Concern has already been voiced that the United Nations is not doing its job. What do we think of this development?

Disabled activists fear that the UN committee examining the UK’s progress on implementing the disability rights convention may be ignoring links between the government’s welfare reforms and the deaths of benefit claimants.

This week, the UN committee on the rights of persons with disabilities (CRPD) published its “list of issues”, the areas where it believes the UK government may have failed in its obligations under the UN Convention on the Rights of Persons with Disabilities (UNCRPD).

The UK and devolved governments will now be expected to respond to the list, while disabled people’s organisations (DPOs) and other bodies, including the Equality and Human Rights Commission, can also submit their responses to the committee.

The list was published three weeks after DPOs came together to tell CRPD how they believed the UK government had been breaching the convention.

One of the key areas that DPOs focused on during last month’s session in Geneva was the impact of benefit sanctions on disabled people and the links between welfare reforms and the deaths of disabled claimants.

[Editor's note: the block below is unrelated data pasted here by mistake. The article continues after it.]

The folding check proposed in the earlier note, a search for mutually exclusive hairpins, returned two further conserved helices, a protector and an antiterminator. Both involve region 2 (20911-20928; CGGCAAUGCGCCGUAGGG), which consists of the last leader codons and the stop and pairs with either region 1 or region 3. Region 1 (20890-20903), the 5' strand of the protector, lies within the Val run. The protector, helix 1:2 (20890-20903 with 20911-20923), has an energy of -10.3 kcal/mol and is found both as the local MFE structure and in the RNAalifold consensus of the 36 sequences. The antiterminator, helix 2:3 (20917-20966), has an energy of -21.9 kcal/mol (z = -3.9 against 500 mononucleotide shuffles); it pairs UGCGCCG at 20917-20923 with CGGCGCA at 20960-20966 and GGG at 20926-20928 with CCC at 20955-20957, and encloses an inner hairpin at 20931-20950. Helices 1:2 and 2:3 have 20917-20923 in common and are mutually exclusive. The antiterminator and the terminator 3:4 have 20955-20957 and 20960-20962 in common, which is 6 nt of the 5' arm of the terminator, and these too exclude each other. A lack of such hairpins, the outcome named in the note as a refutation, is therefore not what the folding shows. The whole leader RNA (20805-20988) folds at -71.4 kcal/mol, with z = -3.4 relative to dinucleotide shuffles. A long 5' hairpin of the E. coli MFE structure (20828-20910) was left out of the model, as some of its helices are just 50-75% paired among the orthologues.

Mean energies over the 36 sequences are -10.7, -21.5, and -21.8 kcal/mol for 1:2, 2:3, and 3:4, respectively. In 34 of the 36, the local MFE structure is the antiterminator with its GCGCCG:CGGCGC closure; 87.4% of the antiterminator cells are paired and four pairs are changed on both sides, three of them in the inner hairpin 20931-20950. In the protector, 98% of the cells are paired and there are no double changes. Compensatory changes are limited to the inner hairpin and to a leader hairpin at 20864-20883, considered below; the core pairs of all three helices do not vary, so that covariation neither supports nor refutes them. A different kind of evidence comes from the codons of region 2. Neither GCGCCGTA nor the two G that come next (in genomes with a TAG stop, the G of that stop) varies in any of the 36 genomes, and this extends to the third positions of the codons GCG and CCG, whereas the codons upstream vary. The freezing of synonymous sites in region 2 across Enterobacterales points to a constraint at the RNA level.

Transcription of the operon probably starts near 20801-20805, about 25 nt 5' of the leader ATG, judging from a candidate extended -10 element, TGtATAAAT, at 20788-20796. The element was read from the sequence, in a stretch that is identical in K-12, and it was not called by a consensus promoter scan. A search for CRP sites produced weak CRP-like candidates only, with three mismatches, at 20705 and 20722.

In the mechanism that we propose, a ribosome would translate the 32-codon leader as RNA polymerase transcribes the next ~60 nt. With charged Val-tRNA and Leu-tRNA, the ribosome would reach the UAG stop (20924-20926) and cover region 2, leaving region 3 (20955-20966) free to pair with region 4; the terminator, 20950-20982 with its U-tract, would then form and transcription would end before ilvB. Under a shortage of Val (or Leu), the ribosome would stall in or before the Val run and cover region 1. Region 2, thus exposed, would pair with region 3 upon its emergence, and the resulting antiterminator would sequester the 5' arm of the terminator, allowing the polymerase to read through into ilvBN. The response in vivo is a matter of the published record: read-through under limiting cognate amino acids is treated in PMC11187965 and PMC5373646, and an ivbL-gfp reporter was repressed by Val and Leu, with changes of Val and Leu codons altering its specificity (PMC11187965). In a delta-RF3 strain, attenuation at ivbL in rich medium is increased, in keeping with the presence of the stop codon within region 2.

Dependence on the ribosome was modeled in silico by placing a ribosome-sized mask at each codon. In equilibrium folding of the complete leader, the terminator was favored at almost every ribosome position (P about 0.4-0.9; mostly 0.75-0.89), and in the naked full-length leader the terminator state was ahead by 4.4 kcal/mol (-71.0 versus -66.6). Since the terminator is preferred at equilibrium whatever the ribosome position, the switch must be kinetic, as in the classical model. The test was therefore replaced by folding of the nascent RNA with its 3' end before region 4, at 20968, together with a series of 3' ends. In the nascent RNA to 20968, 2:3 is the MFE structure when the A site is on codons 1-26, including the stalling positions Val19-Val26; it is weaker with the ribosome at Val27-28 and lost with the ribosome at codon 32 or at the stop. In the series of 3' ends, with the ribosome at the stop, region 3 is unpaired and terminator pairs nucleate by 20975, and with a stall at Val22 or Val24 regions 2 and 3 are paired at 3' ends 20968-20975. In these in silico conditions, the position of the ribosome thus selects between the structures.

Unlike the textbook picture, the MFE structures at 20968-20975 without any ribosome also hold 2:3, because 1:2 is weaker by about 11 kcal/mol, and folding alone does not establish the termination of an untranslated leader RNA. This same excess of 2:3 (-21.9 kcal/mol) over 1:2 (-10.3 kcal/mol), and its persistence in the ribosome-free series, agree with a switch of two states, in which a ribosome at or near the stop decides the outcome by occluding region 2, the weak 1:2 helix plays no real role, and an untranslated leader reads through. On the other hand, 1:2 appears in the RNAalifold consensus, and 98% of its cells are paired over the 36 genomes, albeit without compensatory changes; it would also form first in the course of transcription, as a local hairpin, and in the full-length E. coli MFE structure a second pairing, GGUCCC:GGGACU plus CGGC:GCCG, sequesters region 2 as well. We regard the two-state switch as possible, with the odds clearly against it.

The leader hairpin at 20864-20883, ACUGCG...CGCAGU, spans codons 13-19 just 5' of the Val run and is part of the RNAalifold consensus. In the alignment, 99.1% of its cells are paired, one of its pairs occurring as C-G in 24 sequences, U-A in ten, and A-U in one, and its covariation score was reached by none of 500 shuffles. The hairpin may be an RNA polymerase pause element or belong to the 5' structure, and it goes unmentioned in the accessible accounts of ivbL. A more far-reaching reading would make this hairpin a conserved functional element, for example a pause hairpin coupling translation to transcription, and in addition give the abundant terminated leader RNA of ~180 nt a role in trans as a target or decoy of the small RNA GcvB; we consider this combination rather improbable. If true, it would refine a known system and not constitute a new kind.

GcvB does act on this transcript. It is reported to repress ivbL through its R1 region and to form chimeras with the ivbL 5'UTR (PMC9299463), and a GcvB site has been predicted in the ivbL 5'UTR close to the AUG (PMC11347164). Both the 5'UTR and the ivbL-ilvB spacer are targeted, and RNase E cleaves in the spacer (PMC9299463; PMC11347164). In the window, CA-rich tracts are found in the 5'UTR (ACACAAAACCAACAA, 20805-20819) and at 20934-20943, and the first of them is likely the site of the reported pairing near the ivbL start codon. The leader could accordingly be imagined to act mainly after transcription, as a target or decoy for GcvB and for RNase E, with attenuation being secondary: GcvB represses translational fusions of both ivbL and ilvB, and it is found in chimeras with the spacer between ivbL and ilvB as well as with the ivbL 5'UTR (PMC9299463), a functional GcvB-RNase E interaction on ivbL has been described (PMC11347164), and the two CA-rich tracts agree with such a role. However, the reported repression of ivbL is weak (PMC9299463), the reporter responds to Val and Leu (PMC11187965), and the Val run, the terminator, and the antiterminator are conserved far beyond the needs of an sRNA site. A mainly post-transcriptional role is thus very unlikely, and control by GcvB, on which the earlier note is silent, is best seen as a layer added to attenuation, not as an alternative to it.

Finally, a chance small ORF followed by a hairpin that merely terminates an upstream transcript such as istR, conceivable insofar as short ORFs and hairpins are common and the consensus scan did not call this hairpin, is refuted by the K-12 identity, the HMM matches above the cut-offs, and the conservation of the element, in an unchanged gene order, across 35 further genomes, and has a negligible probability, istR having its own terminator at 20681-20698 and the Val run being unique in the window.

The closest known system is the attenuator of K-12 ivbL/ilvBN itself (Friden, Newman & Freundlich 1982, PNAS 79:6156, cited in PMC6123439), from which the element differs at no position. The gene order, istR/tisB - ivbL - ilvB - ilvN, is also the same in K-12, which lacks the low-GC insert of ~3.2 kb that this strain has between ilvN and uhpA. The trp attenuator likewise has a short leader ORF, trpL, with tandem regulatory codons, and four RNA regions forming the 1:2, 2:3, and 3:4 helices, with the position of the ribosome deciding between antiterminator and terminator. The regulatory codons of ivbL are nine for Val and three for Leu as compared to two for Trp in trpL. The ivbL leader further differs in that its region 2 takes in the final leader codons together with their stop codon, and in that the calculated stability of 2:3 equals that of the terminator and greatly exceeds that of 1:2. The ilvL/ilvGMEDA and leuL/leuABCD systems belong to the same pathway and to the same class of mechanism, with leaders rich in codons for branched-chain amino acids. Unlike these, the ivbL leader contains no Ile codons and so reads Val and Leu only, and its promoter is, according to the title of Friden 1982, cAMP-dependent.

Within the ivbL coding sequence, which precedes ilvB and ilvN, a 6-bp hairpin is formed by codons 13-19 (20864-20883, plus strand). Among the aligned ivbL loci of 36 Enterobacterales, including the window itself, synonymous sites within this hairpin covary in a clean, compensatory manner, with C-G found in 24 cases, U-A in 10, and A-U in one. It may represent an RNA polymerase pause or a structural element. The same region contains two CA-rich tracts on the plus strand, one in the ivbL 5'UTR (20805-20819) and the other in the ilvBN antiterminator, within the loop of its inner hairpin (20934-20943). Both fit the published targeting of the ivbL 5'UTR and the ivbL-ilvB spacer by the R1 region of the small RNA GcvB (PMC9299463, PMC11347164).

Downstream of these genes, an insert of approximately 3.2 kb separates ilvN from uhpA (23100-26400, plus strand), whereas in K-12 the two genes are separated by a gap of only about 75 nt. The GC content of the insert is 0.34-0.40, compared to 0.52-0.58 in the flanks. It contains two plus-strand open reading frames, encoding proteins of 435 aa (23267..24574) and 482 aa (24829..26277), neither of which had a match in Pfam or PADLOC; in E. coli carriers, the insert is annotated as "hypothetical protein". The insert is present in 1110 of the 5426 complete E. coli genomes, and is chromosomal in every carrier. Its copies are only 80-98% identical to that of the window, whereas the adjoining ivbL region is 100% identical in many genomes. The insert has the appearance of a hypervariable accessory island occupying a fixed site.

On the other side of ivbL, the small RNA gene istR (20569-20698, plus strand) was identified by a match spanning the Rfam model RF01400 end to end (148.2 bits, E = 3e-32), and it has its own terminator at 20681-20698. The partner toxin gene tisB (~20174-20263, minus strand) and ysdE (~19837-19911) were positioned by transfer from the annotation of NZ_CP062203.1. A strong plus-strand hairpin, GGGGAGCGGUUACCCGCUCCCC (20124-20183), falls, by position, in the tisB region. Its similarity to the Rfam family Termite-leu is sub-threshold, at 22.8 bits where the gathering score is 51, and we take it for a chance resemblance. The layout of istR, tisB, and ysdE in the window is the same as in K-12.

The committee was told how government ministers ignored a prevention of future deaths letter from a coroner in 2010 – following the death of Stephen Carré – which warned that other people with mental health conditions would die if they did not take action to improve the safety of the work capability assessment (WCA).

But Iain Duncan Smith (pictured) ignored his legal duty to reply to the letter, and, when he appointed an independent expert, Professor Malcolm Harrington, to review the WCA, failed to show him the letter.

Duncan Smith and his employment minister, Chris Grayling, announced that summer – against Harrington’s advice – that they were going to roll out the WCA the following spring to hundreds of thousands of existing claimants of incapacity benefit.

As a result of that decision, the test’s flaws were not corrected, and many other people with mental health conditions lost their lives.

But there has been concern this week that there is no explicit mention of this and other similar areas of concern, including the impact of imposing benefit sanctions on disabled people, in the committee’s list of issues.

The committee does use the list to ask the government which measures it has taken to monitor the cumulative impact of its welfare reforms and tax policies, and to ensure that the WCA – which tests eligibility for out-of-work disability benefits – is “based on the human rights model of disability”.

It also asks for information on measures taken “to address suicide rates among persons with disabilities, including in relation to disability-related discrimination”.

But there is no explicit mention of concerns that welfare reforms have breached disabled people’s right to life, particularly through the use of benefit sanctions and the links between flaws in the WCA and the deaths of claimants.

Source: Concern over UN’s ‘silence’ on benefit-related deaths

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